# Binomial expansion question

• Mar 6th 2011, 11:35 AM
mathsnerd1
Binomial expansion question
Hi everybody,
I am having some trouble with these questions and I'm not really sure where to start.

Find the term independant of $\displaystyle x$ in the expansion of:

$\displaystyle (\frac{1}{3x} - \frac{3x^2}{2})^9$

Find the value of $\displaystyle n$ for which the coefficients of $\displaystyle x, x^2$ and $\displaystyle x^3$ in the expansion of $\displaystyle (1 + x)^n$ form three consecutive terms of an arithmetic series.

Thanks all.
• Mar 6th 2011, 11:43 AM
HallsofIvy
Quote:

Originally Posted by mathsnerd1
Hi everybody,
I am having some trouble with these questions and I'm not really sure where to start.

Find the term independant of $\displaystyle x$ in the expansion of:

$\displaystyle (\frac{1}{3x} - \frac{3x^2}{2})^9$

The general term of $\displaystyle (a+ b)^n$ is $\displaystyle \begin{pmatrix}n \\ i\end{pmatrix}a^ib^{n-i}$.
Here, $\displaystyle a= \frac{1}{3x}$, $\displaystyle b= \frac{3x^2}{2}$ and n= 9 so that is $\displaystyle \begin{pmatrix}9 \\ i\end{pmatrix}\frac{1}{3^ix^i}\frac{3^{9-i}x^{2(9-i)}{2^{9-i}}$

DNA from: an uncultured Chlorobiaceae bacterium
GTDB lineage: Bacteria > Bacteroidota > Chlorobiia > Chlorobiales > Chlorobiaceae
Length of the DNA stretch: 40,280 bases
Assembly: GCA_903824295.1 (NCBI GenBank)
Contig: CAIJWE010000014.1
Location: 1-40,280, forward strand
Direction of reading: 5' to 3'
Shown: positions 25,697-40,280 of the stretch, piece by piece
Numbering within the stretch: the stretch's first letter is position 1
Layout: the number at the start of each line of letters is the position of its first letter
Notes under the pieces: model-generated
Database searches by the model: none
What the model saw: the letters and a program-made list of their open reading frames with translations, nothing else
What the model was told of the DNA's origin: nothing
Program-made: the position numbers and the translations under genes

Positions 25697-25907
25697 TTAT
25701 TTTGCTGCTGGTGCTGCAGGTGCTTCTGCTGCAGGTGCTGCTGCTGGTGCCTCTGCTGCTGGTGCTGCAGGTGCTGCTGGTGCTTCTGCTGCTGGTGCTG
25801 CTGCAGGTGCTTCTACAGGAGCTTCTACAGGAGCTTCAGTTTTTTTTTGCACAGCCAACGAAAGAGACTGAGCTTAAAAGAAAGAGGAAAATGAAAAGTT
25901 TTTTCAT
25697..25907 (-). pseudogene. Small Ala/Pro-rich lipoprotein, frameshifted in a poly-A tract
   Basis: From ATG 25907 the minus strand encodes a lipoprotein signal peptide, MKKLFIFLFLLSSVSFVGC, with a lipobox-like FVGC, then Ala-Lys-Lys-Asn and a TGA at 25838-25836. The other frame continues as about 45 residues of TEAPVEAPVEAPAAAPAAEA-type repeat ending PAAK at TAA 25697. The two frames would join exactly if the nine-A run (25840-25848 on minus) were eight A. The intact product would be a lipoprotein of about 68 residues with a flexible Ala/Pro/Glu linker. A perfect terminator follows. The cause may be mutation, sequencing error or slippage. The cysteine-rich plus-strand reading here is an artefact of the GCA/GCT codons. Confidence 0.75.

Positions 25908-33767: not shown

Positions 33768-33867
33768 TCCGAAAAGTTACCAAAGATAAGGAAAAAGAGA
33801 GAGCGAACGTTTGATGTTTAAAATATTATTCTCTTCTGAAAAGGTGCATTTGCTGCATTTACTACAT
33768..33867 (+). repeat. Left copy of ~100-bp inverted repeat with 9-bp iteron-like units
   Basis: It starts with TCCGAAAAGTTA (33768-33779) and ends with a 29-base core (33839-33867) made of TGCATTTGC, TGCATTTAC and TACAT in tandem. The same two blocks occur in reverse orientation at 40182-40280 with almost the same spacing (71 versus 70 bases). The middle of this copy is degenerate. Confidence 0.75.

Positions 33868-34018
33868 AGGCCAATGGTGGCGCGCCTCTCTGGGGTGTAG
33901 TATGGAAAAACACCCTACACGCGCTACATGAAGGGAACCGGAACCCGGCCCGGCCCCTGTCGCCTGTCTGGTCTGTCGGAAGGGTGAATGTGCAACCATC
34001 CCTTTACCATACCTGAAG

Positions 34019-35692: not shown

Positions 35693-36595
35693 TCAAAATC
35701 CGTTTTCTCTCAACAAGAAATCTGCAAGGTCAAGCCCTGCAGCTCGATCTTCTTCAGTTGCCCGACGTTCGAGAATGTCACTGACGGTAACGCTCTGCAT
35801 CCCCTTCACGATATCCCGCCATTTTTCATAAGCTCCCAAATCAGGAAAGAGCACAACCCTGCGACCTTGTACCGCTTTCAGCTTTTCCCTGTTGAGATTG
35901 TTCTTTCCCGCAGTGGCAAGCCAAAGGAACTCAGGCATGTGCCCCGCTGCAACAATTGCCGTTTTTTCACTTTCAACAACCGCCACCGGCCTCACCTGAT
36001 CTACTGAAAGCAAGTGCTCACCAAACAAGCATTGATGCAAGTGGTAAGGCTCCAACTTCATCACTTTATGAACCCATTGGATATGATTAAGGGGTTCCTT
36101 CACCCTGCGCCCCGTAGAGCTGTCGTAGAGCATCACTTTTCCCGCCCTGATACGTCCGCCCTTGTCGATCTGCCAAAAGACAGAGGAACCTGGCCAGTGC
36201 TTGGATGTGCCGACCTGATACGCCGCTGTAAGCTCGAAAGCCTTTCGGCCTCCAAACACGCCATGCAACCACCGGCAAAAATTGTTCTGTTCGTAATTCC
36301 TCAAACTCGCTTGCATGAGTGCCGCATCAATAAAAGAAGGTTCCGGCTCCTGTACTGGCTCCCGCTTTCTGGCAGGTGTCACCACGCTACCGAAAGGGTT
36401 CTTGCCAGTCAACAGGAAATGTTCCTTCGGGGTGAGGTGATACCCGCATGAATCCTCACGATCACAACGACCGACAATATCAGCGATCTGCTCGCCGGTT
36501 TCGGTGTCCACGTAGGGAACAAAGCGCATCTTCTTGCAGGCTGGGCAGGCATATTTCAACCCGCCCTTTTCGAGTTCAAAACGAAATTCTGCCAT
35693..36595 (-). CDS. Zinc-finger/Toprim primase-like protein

Now, for what value of i is $\displaystyle \frac{x^i}{x^{2(9-i)}}= 1$?

Quote:

Find the value of $\displaystyle n$ for which the coefficients of $\displaystyle x, x^2$ and $\displaystyle x^3$ in the expansion of $\displaystyle (1 + x)^n$ form three consecutive terms of an arithmetic series.
Those coefficents are, of course, $\displaystyle \begin{pmatrix}n \\ i\end{pmatrix}= n$, $\displaystyle \begin{pmatrix}n \\ 2\end{pmatrix}= \frac{n!}{2(n-1)!}$ which must be equal to n+r, and $\displaystyle \begin{pmatrix}n \\ 3\end{pmatrix}= \frac{n!}{3!(n-3)!}$ which must be equal to n+ 2r, for some r, in order to form an arithmetic series. that gives you two equations to solve for n and r.

Quote:

Thanks all.
• Mar 6th 2011, 12:01 PM
mathsnerd1
Quote:

Originally Posted by HallsofIvy
The general term of $\displaystyle (a+ b)^n$ is $\displaystyle \begin{pmatrix}n \\ i\end{pmatrix}a^ib^{n-i}$.
Here, $\displaystyle a= \frac{1}{3x}$, $\displaystyle b= \frac{3x^2}{2}$ and n= 9 so that is $\displaystyle \begin{pmatrix}9 \\ i\end{pmatrix}\frac{1}{3^ix^i}\frac{3^{9-i}x^{2(9-i)}{2^{9-i}}$

Now, for what value of i is $\displaystyle \frac{x^i}{x^{2(9-i)}}= 1$?

Where did $\displaystyle i$ come from? :confused:

And how did you get $\displaystyle \frac{x^i}{x^{2(9-i)}}= 1$?